Almost by definition, authors who decide to self-publish a book are new amateurs in the book world. Because of that, they often have expectations and reactions to books that aren’t conditioned by long-term exposure to “how the sausage is made.”
For instance, I just completed a large project that had to go back to editorial after the book had been laid out. Why let yourself in for that kind of added expense, you ask? Because the author considered the book too long. His perception was that people would not buy a book over 400 pages.
Where does this expectation come from? Most likely from the author’s own preferences, don’t you think? If you won’t buy a book over 400 pages because it puts you to sleep to think of reading the whole thing, then you might naturally assume that others feel the same way.
I’ve had the same request—to reduce the size or page count of a book after its been laid out—from people publishing business books. There, the perception is that busy business people will not buy books over 250 pages because, after all, they don’t have time for that. They’re busy, you’ve got to give them the message and get moving.
In fact, 9 of the top 10 best selling business books on Amazon are between 192 and 240 pages, considered the “sweet spot” for business books. Long enough to be taken seriously, short enough to appear to be a quick read, regardless of how many actual words are in the manuscript.
The Other Side of the Dilemma
Even more common is the author who is dismayed when she finds out the manuscript she’s labored over will set up very nicely to create a 160-page book.
What’s the matter with a 160-page book, you ask? Here are some of the things authors have said to me over the years:
- It’s not thick enough.
- The spine is very thin.
- It has no “heft” and doesn’t feel like a book.
- It won’t be taken seriously.
- It won’t be seen as being worth the price.
Of course, all the authors who said these things were really telling me about their own expectations about books. Since they have no experience publishing, marketing or selling books, these opinions are almost completely based on “gut feelings,” “instincts” or “what my friends said.”
Another Take on the Whole Matter
While there may be niches in which book length is a critical factor in the success of a book, they must be rare.
The length of the book and the way it’s presented, the entire “package” that makes up the book including the title, the cover graphics, the backstory used to sell the book, all should come from the work itself. The length of the book is not that important. What you want is a really good book that’s exactly as long as it needs to be.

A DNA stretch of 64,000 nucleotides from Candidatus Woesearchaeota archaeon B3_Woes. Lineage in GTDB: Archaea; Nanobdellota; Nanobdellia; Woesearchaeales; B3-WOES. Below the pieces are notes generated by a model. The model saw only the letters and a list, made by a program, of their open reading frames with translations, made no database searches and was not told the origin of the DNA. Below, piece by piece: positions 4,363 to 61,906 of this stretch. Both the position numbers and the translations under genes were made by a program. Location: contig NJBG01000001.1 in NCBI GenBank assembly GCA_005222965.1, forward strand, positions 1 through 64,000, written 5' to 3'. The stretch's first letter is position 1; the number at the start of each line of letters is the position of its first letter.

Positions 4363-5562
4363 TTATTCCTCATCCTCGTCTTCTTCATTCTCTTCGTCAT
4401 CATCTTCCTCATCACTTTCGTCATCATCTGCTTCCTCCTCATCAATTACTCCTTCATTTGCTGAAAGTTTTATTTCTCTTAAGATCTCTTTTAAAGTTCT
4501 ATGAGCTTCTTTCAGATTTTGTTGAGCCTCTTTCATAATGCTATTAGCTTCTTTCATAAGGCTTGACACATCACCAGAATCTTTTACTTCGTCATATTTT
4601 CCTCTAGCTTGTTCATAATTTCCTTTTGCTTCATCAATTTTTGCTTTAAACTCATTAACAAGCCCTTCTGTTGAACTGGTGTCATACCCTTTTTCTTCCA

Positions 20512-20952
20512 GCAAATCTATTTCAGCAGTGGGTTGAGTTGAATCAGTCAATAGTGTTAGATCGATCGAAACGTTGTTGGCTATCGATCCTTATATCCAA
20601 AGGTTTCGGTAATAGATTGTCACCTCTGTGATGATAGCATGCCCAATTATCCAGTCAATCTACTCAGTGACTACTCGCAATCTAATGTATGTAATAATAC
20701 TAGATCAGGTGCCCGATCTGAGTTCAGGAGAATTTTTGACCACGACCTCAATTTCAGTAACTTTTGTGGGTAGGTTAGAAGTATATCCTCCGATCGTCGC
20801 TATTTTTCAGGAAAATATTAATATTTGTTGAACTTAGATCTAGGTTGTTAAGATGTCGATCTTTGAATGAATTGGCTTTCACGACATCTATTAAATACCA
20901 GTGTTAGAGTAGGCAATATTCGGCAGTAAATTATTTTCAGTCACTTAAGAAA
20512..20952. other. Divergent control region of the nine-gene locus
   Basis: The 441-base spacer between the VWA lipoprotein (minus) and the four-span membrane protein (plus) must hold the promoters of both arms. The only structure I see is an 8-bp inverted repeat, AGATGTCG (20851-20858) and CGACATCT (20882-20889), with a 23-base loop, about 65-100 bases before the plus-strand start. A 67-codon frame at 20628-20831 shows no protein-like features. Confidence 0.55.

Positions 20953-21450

One of the books that changed my life was Healing Back Pain by John Sarno, MD. In it, Dr. Sarno lays out his case for the cause of most of the back pain his patients experience. It’s a brilliant, focused, diagnostic piece of writing.
I mean diagnostic because, as Dr. Sarno says, there’s only one way to determine whether you can be helped by his method: if you believe his diagnosis. His book brilliantly creates the condition for this diagnosis in reading the book. In fact, the book is most effective as a tool if it’s given to people who are in pain when they are reading it.
But that’s beside the point. What I’m getting at is this: the whole exposition in the book takes 84 pages. Now, you can’t publish an 84-page paperback if you’re a major publisher, so it appears to an outsider that the editor on the project in concert with the author “fleshed out” the rest of the book with random essays on the mind-body problem in medicine and other material.
But it’s completely unnecessary, and the book would have been as good—better, in my mind—if it had been left with the simple, straightforward 84 pages that are the heart of the book.
On the other hand, a book can “go long” as far as it wants, as long as it keeps providing useful information, or keeps us interested. Long novels can be glorious, involving, don’t-want-it-to-end experiences. And nonfiction that’s compelling, interesting, informative can captivate for hundreds of pages. This requires some skill at writing, understanding your audience and having a good editor.
So why put our prejudices in charge of book production? Although we want to be guided by what others are doing in our genre, these guidelines are a lot looser than you might think. A quality book sets its own rules.
Let that book live its life. It deserves it.
Photo by Horia Varlan